By Stephen Halpert
“Let’s go, Magee, time to get back on the case,” Sippi said. It was the next day but I still wasn’t feeling myself. Sippi’s s smoked tuna balls were stale. There’s nothing worse than dried out treats. Nonetheless I wagged my tail and we headed for Chief Mallory’s office.
Mallory smiled as we came in. “Good to see you, Magee,” he said, “You too Sippi. Aunt Bea and Charley Smiles will be getting back today, I wonder if we should send a detail to protect them.”
Sippi shook her head. “What do you suppose happened to prompt the attack?”
Raven came into Mallory’s office. I yipped.
“Feeling okay?” Mallory asked him.
“The nurse fixed me up and I’m ready to rock and roll,” he said with a grin.”
Mallory nodded. “Good. I have a feeling it might be time for me to visit Charley Smiles and get the lowdown on this whole situation. Could be he might know something I don’t.” He heaved himself out of his desk chair, stuck the stump of his old cigar in his mouth and headed for the door. “You two can do some research on the Internet,” he said. “See what you can come up with there.”
“Will do, Chief,” they both said at once. Mallory left his office. He stopped to see the desk Sergeant on his way out.
Meanwhile Charley Smiles was at his desk going over his accumulated mail. His office door opened and he looked up to see a familiar female face. “I thought you might show up,” he said, “sooner or later.”
The woman’s mouth twisted. “You’re lucky you’re still alive. If that dog hadn’t deflected the shot…”
“So it was me and not Bea your crew was after.”
“Ya think?” she sneered. Charley noticed an abrupt change in her facial features.
“You don’t lead a woman on for years and then dump her for a two bit blues singer.”
Charley spread his hands, palms up. “Grace, we‘ve been friends for most of our lives, growing up here in this town.”
Grace Divine took a long knife from her satchel. “I’m going to kill you Charley. This time no stupid mutt will get in the way. You might not know it but I’m pretty proficient at decapitation.”
“You killed those other two then?”
“I had to, they knew too much.”
His heart was pounding. “Just tell me why?” He said, hoping to buy some time. “I need to know why?”
Her laugh was ugly. “You must be terribly naive or blind.”
“Maybe I am. But why kidnap the dog?” He tried to appear calm as he frantically searched his mind for a way out of the situation.
“And have that mutt digging up the compound, discovering homicides from thirty years ago?”
She set down the satchel and moved toward his desk. “In your next lifetime maybe you’ll be satisfied with a white woman who cares a lot for you, who’s been your friend ever since we were small, and who can’t stand the sight of you any more.”
She lunged toward him, knife held high. He scooted his desk chair back and jumped out of the way. She kept on coming.
“Hold it right there!” Mallory’s voice caused her to turn. Wild eyed, she headed for the door. His gun in one hand, Mallory reached for her but she eluded him and ran from the newspaper office into the street. As Mallory and Charley watched, she jumped on her motorcycle and sped away.
“I guess I got here at a good time,” Mallory said as they went back into Charley’s office.
” I guess you did!” Charley said. “Thought I was a goner there for a while. Thank you.”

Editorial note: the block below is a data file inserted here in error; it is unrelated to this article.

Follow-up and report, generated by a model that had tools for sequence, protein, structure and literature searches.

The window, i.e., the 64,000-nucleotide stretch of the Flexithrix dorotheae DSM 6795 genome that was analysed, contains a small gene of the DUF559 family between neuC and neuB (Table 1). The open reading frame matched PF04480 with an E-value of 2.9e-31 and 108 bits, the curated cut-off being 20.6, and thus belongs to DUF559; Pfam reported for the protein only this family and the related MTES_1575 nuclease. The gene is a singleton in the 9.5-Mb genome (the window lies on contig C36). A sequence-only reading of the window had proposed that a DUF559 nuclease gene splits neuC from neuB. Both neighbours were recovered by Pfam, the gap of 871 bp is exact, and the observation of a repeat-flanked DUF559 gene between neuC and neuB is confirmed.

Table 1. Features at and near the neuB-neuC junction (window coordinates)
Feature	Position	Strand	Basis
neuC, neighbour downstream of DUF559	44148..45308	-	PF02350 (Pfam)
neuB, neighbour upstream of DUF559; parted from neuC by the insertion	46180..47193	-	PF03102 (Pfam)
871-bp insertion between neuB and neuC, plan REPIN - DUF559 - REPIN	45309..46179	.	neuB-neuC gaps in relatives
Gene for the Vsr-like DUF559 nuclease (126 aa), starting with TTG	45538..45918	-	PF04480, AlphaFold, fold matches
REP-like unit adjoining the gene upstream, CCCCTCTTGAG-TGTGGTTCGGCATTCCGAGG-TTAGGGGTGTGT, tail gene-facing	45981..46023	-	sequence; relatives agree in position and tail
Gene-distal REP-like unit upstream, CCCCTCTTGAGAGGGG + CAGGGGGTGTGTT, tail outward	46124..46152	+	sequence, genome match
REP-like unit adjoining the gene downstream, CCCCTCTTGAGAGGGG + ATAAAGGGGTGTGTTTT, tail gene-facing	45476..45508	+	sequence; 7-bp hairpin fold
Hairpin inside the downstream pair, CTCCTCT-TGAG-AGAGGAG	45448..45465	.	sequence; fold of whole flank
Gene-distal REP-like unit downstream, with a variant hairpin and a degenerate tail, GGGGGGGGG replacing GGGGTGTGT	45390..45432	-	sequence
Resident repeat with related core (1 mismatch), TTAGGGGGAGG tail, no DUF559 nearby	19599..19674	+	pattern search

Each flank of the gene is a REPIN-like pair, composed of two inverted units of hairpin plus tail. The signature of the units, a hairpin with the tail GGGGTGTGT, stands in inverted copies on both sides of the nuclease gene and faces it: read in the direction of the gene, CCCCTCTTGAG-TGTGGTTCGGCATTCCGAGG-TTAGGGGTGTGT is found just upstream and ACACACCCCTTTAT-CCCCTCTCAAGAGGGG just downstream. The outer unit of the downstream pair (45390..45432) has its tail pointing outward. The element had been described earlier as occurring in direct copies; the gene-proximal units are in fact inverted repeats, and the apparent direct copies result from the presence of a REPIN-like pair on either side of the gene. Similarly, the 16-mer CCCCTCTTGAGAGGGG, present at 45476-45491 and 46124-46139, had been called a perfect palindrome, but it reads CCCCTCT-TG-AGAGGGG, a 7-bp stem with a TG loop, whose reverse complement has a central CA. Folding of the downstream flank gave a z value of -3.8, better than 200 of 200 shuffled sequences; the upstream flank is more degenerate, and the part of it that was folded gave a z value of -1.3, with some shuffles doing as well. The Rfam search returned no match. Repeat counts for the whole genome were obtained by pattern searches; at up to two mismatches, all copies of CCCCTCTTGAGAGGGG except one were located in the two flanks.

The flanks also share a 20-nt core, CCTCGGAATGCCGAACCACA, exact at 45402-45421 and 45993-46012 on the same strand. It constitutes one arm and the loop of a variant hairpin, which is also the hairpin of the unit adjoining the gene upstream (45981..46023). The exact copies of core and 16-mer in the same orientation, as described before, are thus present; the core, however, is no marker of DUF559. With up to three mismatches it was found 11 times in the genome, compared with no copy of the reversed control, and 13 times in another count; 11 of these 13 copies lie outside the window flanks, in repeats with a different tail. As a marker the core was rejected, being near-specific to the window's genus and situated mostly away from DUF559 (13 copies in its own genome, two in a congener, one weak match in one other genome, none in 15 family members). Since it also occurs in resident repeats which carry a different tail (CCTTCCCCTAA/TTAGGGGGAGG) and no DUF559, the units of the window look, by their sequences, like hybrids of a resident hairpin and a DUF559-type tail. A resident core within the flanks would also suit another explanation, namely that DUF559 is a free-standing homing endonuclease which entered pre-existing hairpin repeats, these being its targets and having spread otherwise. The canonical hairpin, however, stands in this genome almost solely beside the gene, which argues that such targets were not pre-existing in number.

“Actually, I came to ask you for some details about the case.” Mallory eased himself into the worn leather chair opposite the desk and looked at Charley. “What can you tell me?”
“Gracie and I were an item for years. Then one day Bea Bopp came to town to sing and it was clear to me that we had a special chemistry. We took to going away together once in a while and over the years, she became even more special to me.”
Mallory nodded. “So it looks like what they say, ‘Hell hath no fury like a woman scorned.'” Just then his phone rang. He picked up the call. “‘Scuse me,” he said, “I have to take this.”
Raven sounded excited. “There’s been an accident. A motorcycle crashed into a moving van outside of town. “We’ll be over, he said, grabbing his coat. He and Charley Smiles jumped into his cruiser and headed down the highway. When they arrived the firemen were already trying to contain the blaze. Grace Divine lay unconscious by the side of the road. She had been thrown clear of her motorcycle. In the distance an ambulance siren sounded.
“Gracie,” Charley said softly. “Why did it have to be this way. Without your helmet you didn’t have a chance. Tenderly he wiped some blood from her cheek. He reached for her hand. Her eyes never opened. “You went out like the shooing star you are.”
Just then Sippi, Raven and I pulled up behind the chief’s car.
Mallory looked at the medic and shook his head. He turned to Sippi. “Tomorrow morning bring Magee and we’ll wrap this up at the compound at Wild Witch Road. Based on what Grace Divine told Charley and he told me, we should be able to build a formidable case against what’s left of the Headless Horsemen.
Sippi noticed that Charley Smiles seemed older and more weary. His usual joie de vivre was absent.
Dick Pride pulled up and jumped out of his car holding his camera. But Charley waved him off. “Let it ride son, bring your camera to tomorrow’s investigation, that’ll be enough. Sooner this case is closed the better.
Sippi clapped her hands. “Come on Magee, time to go home. She turned to Charley to ask him if he’d like to come up to her condo to see Aunt Bea, but when she saw his expression, she knew it was best to say nothing. She turned to Raven. “Tomorrow’s another day and once this case is wrapped up and given to the prosecutor, I’ll collect on that dinner you promised me.”
He grinned. “Really?”
She smiled, took his hand, and said. “Yes, really.”